Hi, everybody. Today we're here to talk about senior care planning what you must know whether you are a single older adult or a married couple, widowed, divorced. I'm Pamela D. Wilson. And we're going to talk about some obvious things about senior care planning. But also, I'm going to share an example, to help you understand why senior care planning is so important, and why having a thorough understanding of your health, your health needs, being your own advocate, or having someone to advocate for you is so important when you become older, and you begin to have health issues.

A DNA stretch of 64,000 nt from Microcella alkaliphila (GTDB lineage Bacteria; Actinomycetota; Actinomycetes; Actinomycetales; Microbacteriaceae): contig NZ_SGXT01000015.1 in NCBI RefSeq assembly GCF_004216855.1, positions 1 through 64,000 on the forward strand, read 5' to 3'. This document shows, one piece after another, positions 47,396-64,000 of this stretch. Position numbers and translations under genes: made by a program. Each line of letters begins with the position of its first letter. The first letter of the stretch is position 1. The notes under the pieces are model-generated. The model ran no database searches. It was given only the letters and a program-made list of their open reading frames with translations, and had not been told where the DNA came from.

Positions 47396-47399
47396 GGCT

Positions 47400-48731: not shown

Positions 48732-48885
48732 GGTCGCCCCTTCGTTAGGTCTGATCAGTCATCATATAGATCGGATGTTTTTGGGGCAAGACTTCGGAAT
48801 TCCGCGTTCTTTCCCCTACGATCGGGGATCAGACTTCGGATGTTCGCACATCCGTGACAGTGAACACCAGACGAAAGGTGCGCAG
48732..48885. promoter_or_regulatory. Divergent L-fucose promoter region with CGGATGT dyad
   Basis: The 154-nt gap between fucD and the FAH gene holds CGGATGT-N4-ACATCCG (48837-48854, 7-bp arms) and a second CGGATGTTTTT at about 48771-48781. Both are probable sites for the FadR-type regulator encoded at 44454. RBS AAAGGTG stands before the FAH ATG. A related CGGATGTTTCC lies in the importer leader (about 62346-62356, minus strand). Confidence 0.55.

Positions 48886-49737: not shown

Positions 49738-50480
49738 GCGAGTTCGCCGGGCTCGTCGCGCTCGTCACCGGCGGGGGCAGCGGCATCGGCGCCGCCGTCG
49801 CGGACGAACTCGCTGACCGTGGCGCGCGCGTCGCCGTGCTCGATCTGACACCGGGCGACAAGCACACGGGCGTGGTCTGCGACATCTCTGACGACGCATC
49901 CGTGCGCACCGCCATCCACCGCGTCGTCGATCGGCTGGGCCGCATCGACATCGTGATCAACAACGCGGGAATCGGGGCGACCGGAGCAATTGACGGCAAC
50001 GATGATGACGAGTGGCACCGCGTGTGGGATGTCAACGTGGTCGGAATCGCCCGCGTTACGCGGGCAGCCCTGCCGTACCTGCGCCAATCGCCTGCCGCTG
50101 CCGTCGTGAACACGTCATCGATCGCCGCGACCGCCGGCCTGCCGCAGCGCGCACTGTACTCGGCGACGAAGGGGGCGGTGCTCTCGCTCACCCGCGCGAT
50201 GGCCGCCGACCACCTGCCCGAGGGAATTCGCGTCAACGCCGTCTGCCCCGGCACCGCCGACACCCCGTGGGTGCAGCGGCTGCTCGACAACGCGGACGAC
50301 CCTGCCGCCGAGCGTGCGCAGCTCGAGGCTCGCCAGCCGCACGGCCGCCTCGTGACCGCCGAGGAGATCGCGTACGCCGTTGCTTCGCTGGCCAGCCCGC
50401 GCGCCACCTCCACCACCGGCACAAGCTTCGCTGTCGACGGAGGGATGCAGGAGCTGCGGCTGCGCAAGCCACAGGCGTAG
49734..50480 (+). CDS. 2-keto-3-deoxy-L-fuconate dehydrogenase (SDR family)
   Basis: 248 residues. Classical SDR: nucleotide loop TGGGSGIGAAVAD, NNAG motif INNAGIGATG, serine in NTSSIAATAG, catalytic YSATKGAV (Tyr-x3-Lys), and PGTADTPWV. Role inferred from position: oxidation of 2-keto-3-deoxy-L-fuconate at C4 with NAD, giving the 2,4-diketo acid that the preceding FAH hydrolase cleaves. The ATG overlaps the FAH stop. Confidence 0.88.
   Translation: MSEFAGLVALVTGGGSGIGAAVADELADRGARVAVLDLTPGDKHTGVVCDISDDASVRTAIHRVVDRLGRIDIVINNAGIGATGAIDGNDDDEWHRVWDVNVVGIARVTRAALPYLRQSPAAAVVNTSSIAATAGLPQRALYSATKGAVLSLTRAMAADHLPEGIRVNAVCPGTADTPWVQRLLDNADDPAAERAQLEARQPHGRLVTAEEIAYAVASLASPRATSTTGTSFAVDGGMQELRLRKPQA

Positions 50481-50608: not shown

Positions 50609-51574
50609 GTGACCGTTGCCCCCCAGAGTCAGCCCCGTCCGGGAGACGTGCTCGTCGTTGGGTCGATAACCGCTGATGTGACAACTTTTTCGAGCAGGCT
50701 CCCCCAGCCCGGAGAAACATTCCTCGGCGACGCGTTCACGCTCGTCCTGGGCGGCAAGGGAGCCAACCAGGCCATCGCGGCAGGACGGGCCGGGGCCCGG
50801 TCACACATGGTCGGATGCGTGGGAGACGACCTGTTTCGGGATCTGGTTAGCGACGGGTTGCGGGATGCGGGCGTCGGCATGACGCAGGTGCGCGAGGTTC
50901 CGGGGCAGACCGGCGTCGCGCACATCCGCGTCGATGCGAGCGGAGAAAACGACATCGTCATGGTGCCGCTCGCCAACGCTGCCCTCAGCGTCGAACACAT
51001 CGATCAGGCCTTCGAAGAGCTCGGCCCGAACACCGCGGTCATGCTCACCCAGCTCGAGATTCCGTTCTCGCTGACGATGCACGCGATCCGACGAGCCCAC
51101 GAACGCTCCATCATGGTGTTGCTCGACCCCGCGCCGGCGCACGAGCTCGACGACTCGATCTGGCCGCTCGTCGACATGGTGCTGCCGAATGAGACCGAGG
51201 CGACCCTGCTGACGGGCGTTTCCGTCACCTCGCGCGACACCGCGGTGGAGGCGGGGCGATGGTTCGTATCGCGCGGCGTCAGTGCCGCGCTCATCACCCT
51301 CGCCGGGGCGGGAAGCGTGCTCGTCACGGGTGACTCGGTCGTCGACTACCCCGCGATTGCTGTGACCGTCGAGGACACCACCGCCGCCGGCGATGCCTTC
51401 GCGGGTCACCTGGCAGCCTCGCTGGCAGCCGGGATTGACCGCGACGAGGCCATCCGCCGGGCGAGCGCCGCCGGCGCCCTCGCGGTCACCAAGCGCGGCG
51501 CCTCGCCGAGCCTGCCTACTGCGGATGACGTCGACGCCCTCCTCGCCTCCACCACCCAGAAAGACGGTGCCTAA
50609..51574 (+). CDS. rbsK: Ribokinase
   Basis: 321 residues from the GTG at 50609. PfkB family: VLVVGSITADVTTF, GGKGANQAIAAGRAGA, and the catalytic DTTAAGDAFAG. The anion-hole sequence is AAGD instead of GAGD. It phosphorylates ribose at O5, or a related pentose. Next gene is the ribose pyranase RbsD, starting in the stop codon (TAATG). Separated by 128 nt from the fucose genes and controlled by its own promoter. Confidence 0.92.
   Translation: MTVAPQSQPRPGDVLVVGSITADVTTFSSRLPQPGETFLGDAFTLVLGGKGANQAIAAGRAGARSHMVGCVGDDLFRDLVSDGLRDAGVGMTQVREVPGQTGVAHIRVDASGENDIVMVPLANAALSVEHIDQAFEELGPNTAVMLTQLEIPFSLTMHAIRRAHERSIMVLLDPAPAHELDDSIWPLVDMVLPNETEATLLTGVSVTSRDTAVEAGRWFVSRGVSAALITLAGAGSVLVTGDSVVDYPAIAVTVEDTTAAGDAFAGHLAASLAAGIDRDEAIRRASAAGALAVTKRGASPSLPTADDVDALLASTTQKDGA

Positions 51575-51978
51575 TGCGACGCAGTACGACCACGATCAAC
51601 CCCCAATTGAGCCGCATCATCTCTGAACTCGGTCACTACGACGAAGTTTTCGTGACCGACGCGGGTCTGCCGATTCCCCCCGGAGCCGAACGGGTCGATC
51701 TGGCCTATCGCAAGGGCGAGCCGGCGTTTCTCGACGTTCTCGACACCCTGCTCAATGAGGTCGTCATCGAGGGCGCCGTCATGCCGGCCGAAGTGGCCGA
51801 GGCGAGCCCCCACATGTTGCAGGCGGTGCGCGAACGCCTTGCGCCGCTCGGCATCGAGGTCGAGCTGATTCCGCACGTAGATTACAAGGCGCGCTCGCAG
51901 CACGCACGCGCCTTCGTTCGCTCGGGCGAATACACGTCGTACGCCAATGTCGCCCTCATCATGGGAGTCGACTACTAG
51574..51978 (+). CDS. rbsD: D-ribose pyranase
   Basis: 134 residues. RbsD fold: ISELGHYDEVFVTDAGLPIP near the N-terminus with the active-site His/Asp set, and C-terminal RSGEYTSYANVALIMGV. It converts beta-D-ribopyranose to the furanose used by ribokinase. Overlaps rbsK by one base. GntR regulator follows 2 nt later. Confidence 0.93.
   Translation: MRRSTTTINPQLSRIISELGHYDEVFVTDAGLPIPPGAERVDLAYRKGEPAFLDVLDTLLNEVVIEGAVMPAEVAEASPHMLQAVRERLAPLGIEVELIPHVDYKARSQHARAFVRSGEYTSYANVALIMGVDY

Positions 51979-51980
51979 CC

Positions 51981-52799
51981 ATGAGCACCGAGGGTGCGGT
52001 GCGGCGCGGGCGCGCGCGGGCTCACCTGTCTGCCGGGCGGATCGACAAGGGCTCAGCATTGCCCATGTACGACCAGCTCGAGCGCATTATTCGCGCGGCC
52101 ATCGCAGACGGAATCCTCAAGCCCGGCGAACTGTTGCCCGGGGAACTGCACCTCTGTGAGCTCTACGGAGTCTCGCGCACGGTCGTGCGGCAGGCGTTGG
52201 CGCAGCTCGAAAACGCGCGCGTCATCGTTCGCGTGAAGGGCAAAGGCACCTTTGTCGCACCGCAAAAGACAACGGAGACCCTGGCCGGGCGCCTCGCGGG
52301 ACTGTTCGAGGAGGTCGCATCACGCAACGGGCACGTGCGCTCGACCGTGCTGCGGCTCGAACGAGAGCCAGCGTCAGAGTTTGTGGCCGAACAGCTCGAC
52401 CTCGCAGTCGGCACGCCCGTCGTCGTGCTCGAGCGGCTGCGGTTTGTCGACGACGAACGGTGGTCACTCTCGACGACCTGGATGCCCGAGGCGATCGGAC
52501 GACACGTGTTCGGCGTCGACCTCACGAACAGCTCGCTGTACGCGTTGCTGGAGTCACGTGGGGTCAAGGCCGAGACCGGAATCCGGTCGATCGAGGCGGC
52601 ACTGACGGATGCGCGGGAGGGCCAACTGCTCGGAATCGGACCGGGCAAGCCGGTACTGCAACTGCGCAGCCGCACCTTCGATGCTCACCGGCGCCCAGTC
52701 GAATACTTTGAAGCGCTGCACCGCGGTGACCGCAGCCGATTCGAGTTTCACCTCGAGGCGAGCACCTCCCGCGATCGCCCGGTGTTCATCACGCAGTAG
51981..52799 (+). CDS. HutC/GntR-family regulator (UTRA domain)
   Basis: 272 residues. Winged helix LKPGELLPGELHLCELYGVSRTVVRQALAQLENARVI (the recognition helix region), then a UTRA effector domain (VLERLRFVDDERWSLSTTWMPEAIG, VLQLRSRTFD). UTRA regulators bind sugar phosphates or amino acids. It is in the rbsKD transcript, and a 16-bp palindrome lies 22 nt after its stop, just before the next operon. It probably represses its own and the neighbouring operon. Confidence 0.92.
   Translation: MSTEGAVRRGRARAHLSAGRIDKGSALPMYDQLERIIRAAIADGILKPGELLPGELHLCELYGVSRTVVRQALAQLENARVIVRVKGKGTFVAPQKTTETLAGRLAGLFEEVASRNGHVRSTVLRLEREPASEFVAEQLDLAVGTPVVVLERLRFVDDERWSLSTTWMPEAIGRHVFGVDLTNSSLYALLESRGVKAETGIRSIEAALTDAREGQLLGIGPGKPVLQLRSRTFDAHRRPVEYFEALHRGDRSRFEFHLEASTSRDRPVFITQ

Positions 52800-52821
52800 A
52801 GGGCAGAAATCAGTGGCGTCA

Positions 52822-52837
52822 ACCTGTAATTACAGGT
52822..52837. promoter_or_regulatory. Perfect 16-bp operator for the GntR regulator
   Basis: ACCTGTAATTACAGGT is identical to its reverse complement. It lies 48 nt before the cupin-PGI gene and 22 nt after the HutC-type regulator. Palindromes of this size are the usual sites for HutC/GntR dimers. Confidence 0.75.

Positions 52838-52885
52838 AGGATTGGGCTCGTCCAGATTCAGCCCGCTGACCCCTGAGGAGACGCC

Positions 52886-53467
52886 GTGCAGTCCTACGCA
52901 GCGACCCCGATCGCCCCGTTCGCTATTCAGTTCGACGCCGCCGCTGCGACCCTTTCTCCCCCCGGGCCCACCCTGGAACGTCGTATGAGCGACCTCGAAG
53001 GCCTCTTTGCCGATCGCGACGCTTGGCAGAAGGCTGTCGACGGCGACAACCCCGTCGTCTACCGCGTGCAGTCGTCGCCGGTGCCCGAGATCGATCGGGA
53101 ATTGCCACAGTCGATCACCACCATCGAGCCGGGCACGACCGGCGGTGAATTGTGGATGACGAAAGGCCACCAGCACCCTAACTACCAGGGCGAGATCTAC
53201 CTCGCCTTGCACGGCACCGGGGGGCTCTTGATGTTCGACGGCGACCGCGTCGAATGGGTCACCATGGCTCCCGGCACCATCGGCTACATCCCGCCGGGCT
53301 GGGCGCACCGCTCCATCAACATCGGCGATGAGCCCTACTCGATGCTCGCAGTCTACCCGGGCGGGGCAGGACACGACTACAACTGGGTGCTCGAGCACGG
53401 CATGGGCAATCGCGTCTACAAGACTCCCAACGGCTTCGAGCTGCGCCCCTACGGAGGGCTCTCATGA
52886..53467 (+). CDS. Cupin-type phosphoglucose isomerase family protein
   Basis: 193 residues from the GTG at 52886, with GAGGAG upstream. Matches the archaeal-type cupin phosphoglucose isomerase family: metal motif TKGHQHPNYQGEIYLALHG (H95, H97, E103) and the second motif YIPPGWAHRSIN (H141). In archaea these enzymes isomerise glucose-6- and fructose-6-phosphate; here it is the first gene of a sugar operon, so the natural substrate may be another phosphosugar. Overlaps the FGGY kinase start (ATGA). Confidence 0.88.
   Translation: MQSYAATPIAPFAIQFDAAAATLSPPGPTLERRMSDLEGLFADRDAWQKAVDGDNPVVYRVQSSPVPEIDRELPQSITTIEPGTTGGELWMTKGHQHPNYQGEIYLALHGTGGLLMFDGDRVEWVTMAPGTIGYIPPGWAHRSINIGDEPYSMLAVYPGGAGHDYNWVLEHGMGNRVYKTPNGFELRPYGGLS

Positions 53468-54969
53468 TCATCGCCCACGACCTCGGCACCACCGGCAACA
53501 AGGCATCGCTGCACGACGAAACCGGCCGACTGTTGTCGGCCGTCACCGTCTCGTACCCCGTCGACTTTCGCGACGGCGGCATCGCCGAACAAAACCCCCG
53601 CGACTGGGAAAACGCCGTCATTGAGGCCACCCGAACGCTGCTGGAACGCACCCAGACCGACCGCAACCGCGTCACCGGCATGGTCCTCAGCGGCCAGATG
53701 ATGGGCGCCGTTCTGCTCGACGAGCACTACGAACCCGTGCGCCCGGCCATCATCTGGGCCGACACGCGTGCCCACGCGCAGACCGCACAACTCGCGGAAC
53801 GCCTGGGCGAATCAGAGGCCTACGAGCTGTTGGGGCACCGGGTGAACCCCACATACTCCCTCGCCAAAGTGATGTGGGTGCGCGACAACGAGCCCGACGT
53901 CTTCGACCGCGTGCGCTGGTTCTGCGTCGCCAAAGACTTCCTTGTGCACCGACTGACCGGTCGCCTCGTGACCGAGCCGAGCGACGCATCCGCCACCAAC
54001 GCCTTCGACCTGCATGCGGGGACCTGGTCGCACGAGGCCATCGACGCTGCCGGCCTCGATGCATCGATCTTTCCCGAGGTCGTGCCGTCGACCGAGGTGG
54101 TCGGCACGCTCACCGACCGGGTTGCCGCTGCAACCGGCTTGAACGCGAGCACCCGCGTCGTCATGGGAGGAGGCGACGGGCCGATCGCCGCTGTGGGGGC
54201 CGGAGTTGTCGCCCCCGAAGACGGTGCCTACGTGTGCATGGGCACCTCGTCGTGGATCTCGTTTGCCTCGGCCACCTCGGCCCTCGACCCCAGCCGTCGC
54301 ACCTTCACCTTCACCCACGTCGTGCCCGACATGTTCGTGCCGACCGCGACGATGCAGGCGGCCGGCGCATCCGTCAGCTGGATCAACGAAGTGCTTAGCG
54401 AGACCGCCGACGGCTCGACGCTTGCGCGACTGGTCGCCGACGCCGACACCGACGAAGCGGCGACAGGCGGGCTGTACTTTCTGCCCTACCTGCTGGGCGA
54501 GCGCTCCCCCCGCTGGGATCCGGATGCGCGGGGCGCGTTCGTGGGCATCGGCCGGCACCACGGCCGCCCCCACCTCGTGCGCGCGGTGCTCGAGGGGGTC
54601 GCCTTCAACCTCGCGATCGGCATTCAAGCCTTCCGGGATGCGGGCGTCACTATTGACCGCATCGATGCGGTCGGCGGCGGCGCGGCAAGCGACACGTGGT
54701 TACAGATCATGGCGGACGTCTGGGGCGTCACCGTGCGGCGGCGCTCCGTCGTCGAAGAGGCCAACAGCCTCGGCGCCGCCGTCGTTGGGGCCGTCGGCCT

So the obvious part of senior care planning is that it's a very emotional issue that many people are not prepared to talk about, don't want to talk about or don't see the importance of talking about until way down the road, when it's a little too late. And you're in a crisis. So if you're a parent, or an adult, begin to start thinking about what you want your life to look like when you're older, and how to make those plans. Part of it's making a care plan. But part of it is also what I call the aspects of elder care planning or estate planning, which are the legal aspects that I talked about in many of my other videos. So in care planning, and getting care, the quality of the relationships that you have with your family members, your brothers and sisters, your children, friends, greatly affects the care that you'll have when you're older. Because those relationships that you form in your earlier years, usually indicate the people that you're going to rely on when you need to get a little bit help, or when you have to call somebody and say: "Hey, I'm in the hospital, can you come meet me there."